Software as a Service (SaaS): This method of deployment is a combined software licensing and delivery model in which software is licensed on a subscription basis and hosted by the software provider, all for a single price that is typically a fixed amount. In many cases the software provider uses a Public Cloud for the hosting.
• Private Cloud and Public Cloud
Private Cloud is privately owned and maintained by the company or a hosting provider. There are scenarios where certain business or compliance requirements necessitate a private cloud. For example, a business may have industry-specific requirements that dictate that a public cloud deployment is not suitable.
Public Cloud is owned by a service company, such as Microsoft, IBM or Amazon. The service provides all the hardware, load balancing, backup and security.
Hybrid Cloud is a blended approach with a mix of on-premises, private cloud and third party public cloud services.
• Thin Client and Web Services
A Thin Client, in cloud terms, is any device (PC, tablet, or phone) that requires no application or communication software to be downloaded. Any thin client can access the application from anywhere, similar to a web page.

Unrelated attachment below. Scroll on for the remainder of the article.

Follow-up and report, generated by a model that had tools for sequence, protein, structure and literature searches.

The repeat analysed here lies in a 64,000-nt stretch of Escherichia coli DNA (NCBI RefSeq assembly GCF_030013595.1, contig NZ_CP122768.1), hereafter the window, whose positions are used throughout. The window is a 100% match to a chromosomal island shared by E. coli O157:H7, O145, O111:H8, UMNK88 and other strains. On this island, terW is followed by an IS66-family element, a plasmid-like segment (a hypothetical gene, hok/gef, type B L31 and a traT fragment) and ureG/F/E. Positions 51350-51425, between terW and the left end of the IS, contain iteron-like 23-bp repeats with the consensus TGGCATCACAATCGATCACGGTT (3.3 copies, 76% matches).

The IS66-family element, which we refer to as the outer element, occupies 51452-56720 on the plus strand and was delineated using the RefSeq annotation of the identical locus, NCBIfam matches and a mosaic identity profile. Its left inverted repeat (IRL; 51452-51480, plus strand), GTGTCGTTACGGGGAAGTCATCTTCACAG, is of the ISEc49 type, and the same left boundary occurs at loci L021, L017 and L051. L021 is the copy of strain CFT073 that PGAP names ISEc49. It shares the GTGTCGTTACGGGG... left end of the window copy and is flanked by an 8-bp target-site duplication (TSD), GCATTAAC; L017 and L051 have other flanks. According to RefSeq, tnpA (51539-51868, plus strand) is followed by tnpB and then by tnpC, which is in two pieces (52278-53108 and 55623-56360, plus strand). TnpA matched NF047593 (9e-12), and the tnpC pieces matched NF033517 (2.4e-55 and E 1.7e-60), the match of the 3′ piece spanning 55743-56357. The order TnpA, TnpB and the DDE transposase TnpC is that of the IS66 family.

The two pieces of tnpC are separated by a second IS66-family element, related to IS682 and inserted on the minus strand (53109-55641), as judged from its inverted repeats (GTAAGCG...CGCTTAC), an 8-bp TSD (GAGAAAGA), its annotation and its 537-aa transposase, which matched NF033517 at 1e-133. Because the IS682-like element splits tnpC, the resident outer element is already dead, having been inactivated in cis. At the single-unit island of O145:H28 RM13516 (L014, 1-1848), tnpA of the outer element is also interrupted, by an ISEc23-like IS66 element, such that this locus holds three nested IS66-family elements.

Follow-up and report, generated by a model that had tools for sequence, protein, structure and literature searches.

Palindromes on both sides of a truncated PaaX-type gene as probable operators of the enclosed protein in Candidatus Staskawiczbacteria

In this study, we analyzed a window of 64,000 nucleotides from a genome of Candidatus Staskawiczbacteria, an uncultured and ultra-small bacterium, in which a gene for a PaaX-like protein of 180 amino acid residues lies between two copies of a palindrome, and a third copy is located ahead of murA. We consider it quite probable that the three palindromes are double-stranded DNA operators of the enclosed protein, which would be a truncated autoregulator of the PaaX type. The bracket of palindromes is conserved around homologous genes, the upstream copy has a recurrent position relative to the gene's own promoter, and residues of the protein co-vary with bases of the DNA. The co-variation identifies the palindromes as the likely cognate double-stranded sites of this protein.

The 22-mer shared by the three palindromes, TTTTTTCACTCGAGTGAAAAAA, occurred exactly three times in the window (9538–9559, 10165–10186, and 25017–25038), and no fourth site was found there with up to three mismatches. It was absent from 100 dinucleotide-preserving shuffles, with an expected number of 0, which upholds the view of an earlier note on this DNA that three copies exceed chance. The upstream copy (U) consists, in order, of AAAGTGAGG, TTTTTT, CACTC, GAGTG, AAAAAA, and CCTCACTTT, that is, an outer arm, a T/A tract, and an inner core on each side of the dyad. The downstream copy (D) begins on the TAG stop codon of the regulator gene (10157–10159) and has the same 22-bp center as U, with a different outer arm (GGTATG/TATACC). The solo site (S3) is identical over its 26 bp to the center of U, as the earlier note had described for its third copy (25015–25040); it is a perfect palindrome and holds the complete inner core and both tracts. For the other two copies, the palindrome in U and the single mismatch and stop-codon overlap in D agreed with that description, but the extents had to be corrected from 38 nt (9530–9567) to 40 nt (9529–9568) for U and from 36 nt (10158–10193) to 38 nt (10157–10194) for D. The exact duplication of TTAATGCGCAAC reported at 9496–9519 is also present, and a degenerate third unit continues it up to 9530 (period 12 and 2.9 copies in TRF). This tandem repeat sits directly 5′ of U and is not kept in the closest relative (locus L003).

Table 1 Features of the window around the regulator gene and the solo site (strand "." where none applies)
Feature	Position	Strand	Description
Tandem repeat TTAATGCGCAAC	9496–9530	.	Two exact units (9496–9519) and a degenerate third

Web Services are simply application components. They are designed for and used on the Web. Common examples are apps on a mobile phone, such as a weather app. Business applications may include zip code / postal code look up, sales tax calculation, or much more sophisticated functionality.
The advantages of a cloud-based business management software solution are numerous. Reduced hardware and IT costs and increased efficiencies, flexibility, security and convenience lead to greater profitability and more satisfied employees and customers. The evidence is clear: as a business owner, you should elect to move from a server-based solution to a Cloud BMS (or simply select a Cloud solution right away if you do not yet have a system in place). The bottom line is that if there is ample access to the internet, there are virtually no disadvantages to cloud computing when compared to on-premises. Moreover, on-prem is now considered “old” technology; ensure your company uses the best platform possible!